Way back in 1996 there were 1,700 business books published in the USA. We can assume that many more than 1,700 business books will come out in 2013 – publishing figures go up every year, and now anybody can self-publish on platforms like Kindle.

Even if publishing remained static at the 1996 level of 1,700 a year, that would mean that by now there would be 28,900 different business titles in circulation in the US.

The North American training market was worth $104.3 billion in 2009. Over time, that figure is also likely to rise.

If you want to know anything about any aspect of leadership, management or strategy, you can find it out through the internet. Sites like this and this will set you up with materials to “teach” someone else how to be a better leader or manager. Wikipedia will fill in the background. People’s blogs are full of “tips” on how to do things. If you’re still in doubt, you can ask a Linkedin group.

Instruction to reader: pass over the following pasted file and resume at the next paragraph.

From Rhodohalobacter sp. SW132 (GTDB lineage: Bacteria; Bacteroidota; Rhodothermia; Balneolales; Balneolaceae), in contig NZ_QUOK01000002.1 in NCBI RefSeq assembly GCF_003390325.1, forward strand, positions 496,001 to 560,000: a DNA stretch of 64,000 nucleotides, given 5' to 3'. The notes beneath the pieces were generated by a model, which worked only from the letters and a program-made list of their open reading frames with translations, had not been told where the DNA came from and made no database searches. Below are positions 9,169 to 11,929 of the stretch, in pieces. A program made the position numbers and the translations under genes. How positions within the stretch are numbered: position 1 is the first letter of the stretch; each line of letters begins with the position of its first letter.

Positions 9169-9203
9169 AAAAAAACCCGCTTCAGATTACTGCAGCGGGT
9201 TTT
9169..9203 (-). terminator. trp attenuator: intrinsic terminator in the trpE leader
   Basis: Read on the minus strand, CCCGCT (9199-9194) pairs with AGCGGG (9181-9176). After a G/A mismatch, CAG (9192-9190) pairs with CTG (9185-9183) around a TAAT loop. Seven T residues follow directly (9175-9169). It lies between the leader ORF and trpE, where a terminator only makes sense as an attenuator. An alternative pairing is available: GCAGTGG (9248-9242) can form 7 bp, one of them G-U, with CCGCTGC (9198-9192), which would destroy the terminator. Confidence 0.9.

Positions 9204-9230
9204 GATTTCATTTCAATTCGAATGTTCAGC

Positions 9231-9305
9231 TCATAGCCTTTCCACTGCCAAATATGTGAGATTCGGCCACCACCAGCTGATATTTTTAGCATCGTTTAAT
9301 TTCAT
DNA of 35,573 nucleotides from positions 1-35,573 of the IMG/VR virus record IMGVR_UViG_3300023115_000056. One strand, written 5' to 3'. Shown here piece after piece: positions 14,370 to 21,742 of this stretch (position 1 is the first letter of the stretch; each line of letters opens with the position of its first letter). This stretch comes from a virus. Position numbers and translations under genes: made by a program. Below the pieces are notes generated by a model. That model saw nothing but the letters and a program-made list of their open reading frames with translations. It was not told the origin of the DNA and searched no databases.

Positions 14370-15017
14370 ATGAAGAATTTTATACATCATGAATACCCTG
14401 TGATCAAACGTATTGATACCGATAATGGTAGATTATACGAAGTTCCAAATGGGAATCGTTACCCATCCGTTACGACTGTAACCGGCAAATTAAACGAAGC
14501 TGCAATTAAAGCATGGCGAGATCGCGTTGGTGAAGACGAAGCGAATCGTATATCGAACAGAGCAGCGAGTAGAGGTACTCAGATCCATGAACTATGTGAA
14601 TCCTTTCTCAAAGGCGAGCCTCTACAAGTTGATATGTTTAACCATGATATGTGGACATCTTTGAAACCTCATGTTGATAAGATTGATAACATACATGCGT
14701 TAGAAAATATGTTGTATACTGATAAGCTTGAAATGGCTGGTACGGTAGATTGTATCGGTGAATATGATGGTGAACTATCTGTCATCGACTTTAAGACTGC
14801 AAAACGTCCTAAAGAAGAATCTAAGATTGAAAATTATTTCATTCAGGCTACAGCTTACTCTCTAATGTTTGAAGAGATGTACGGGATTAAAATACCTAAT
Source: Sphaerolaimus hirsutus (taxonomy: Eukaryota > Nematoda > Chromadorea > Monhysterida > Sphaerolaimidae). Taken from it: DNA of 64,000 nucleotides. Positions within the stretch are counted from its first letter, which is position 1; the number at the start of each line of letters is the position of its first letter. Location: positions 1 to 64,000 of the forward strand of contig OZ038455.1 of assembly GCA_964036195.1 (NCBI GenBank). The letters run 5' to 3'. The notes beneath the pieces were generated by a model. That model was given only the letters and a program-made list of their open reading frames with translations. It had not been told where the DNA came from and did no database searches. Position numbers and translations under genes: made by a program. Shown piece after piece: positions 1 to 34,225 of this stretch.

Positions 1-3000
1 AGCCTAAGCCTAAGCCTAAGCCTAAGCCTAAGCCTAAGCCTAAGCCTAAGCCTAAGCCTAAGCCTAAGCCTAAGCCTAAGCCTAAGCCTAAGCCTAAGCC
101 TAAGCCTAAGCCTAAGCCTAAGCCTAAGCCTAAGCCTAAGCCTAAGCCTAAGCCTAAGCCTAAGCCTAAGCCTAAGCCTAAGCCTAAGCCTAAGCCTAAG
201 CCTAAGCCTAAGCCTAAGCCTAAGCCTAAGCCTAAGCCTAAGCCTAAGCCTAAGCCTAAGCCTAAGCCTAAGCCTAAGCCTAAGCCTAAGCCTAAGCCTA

We are drowning in a sea of knowledge about business.

So we must have the best managed, best lead, best motivated workforce in history, right? 

Research shows that 43% of UK managers rate their own line manager as ineffective. Nearly three quarters of all organizations in England reported a deficit in management and leadership skills in 2012. 

Anecdotally, about one in three of the meetings I have is with a company who have tried some management development in the past and it didn’t work.

What’s going wrong? 

Almost all leadership, management and strategy training – whether from books, videos, e-learning, seminars or anything else – teaches people how to talk about leadership, management and strategy.

The assumption is that if people can talk about management in an impressive way, they can also manage people in an impressive way.

Contrary to our deepest intuitions, this assumption is completely untrue. There is no link between knowing about management and being able to do it.

This is a post from Why Didn’t Our Training Program Work… and what can we do? – a free resource for businesses in growth 

Sean Lapham is Project Director at Mitchell Phoenix